upon the incident to make trouble, claiming he was at fault for having
been "over-lenient" with the Moros.

Under mounting criticism, Pershing abruptly reversed himself and issued
Executive Order 24 for the complete and immediate disarmament of all
Moros (not just firearms, but the far more ubiquitous bladed weapons as
well) no later than September 8, 1911, only a few months distant. The
men who had to do the disarming, the Constabulary and Scouts, were
dismayed; but Washington and Manila signaled their endorsement and the
local American community was ecstatic. Even though Pershing offered
generous cash bounties, only a handful of rusty old rifles and pistols
were turned in, and scarcely any blades.

As the crackdown on weapons accelerated, so did the level of violence
when seizure attempts were made. An Army encampment was attacked by
three "juramentados", or suicide warriors, amidst calls for a holy war
from several more-radical Imams. Incensed, Pershing decided to make an
object lesson of the most defiant locale, the eastern wards of Jolo. In
mid-December as he began a sweep for weapons in several towns, an
eerily dejaˆ vu moment occurred when between 500 to 800 Tausug men and
women retreated with their weapons to the top of Bud Dajo and began to
dig in.

 But instead of becoming a second massacre, the 2nd Battle of Bud Dajo,
which took place between December 14-26, 1911 may have been Pershing's
finest hour in Moroland. Discouraged and feeling under intense pressure
from Governor-General Forbes, Pershing's initial impulse was to pull
out all the stops and massively assault the mountain with overwhelming
force. But a blunt message passed from the White House that President
Taft would not countenance a second Moro massacre on the eve of his
extremely contentious bid for a second Presidential term in 1912,
proved sobering. Pershing's subsequent disciplined and measured use of
force during the second battle of the crater was not only a
superbly-executed maneuver, but delivered an unmistakable rebuke to
Leonard Wood for his 1906 fiasco. Pershing adopted an identical
alternate strategy that six years earlier Wood had publicly dismissed
as unfeasible and foolish; a siege and blockade accompanied by a
persistent campaign of persuasion.

By Christmas Day all the women and children and a large number of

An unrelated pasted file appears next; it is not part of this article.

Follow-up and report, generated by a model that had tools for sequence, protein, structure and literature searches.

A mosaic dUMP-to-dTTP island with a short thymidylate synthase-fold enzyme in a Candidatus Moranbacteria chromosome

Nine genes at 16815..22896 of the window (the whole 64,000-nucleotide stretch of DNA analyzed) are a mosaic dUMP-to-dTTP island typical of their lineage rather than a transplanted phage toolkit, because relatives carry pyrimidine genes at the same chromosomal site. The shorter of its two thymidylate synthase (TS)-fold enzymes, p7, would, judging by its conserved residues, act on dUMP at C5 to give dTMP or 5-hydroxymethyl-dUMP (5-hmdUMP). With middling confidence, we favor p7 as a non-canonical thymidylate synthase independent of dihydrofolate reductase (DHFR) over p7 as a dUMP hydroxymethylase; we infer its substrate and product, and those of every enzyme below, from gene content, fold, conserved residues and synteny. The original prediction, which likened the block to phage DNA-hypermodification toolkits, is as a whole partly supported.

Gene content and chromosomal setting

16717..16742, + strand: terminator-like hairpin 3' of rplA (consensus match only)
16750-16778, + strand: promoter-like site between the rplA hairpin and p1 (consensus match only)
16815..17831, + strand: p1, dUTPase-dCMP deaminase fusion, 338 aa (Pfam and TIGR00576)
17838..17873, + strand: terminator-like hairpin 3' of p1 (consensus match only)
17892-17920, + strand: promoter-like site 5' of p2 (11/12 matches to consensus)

hungry male fighters had been talked down off the mountain and sent
home with bags of government rice. Only a small hard core of 75 defiant
male warriors remained. Rather than use the US Army, Pershing brought
in the newly formed 52nd Moro Scout Company to confront their fellow
Moros. In sharp contrast to the first battle, in the final skirmish
only twelve were killed and a small number wounded, the rest
surrendering or fleeing. There were no dead and only three wounded on
the American side. And, Pershing suspended disarmament enforcement for
the duration of 1912, while one of the most contentious and divisive
Presidential elections in U.S. history raged on the other side of the

The Battle of Bud Bagsak (June 11-15, 1913)

However, following the election and inauguration of the new Woodrow
Wilson regime, in March of 1913, the new Governor-General, William
Cameron Forbes, pressured Pershing to resume disarmament. By now the
Tausugs had coalesced behind a single, charismatic leader and Moro
nationalist named Naquib Amil. At first the Americans were at buoyed by
a dramatic increase in the number of weapons surrendered. But it soon
became apparent that Amil and his followers had been collecting
thousands of older, obsolete rifles, shotguns, and pistols, turning
them in and then using the proceeds to purchase modern, high-powered,
bolt-action rifles from arms dealers. Confronted by government agents
over the discovery of a hidden a cache of at least 300 new,
high-powered rifles, Amil simply shrugged and replied, "Tell the
soldiers to come on and fight."

Pershing took up the challenge, sending three companies of Scouts, one
company of Constabulary, a battery of mountain guns, and a troop of the
8th Cavalry to surround the small cotta of Amil's deputy Datu Sahipa,
suspected of being the hiding place of the arms. Although greatly
outnumbered, 65-70 well-armed Tausugs, led by Amil and Sahipa, put up a
stiff fight, repelling the initial assault, and inflicting 20%
casualties on the American side while killing the American commander.
Although two-thirds of the defenders died, Amil, Sahipa, and many
others escaped with the arms cache through hidden passageways while a
second assault was being prepared. A few days later a ferocious night
attack was made by eight juramentados, religiously motivated suicide
warriors, on Camp Steever at Siet Lake. In the days that followed,
snipers fired into the Jolo garrison at night, forcing Pershing to
evacuate badly spooked American dependents from the island.

Amidst this fighting, an estimated more than 6,000 Moros loyal to Amil,
almost ten times the number of those on Bud Dajo (two-thirds women and
children), gathered on a second dormant volcano, Bud Bagsak. With five
separate summits, Bagsak posed a knottier tactical problem than Bud
Dajo. Governor-General Forbes urged Pershing to nip the insurgency in
the bud with an overwhelming application of force, but Pershing feared
it could turn into an inadvertent blood bath; a repetition of 1st Bud
Dajo but on a much larger scale. Using the Sultan of Sulu and a number
of the older datus as intermediaries a bichara was arranged with Amil.
Pershing promised to suspend the disarmament effort if Amil and his
people would leave Bagsak, return to the villages, and keep the peace.
The tensions briefly subsided and Pershing quietly suspended

However Governor General Forbes, seeking reappointment by the new
Wilson administration and not wanting to appear weak, ordered Pershing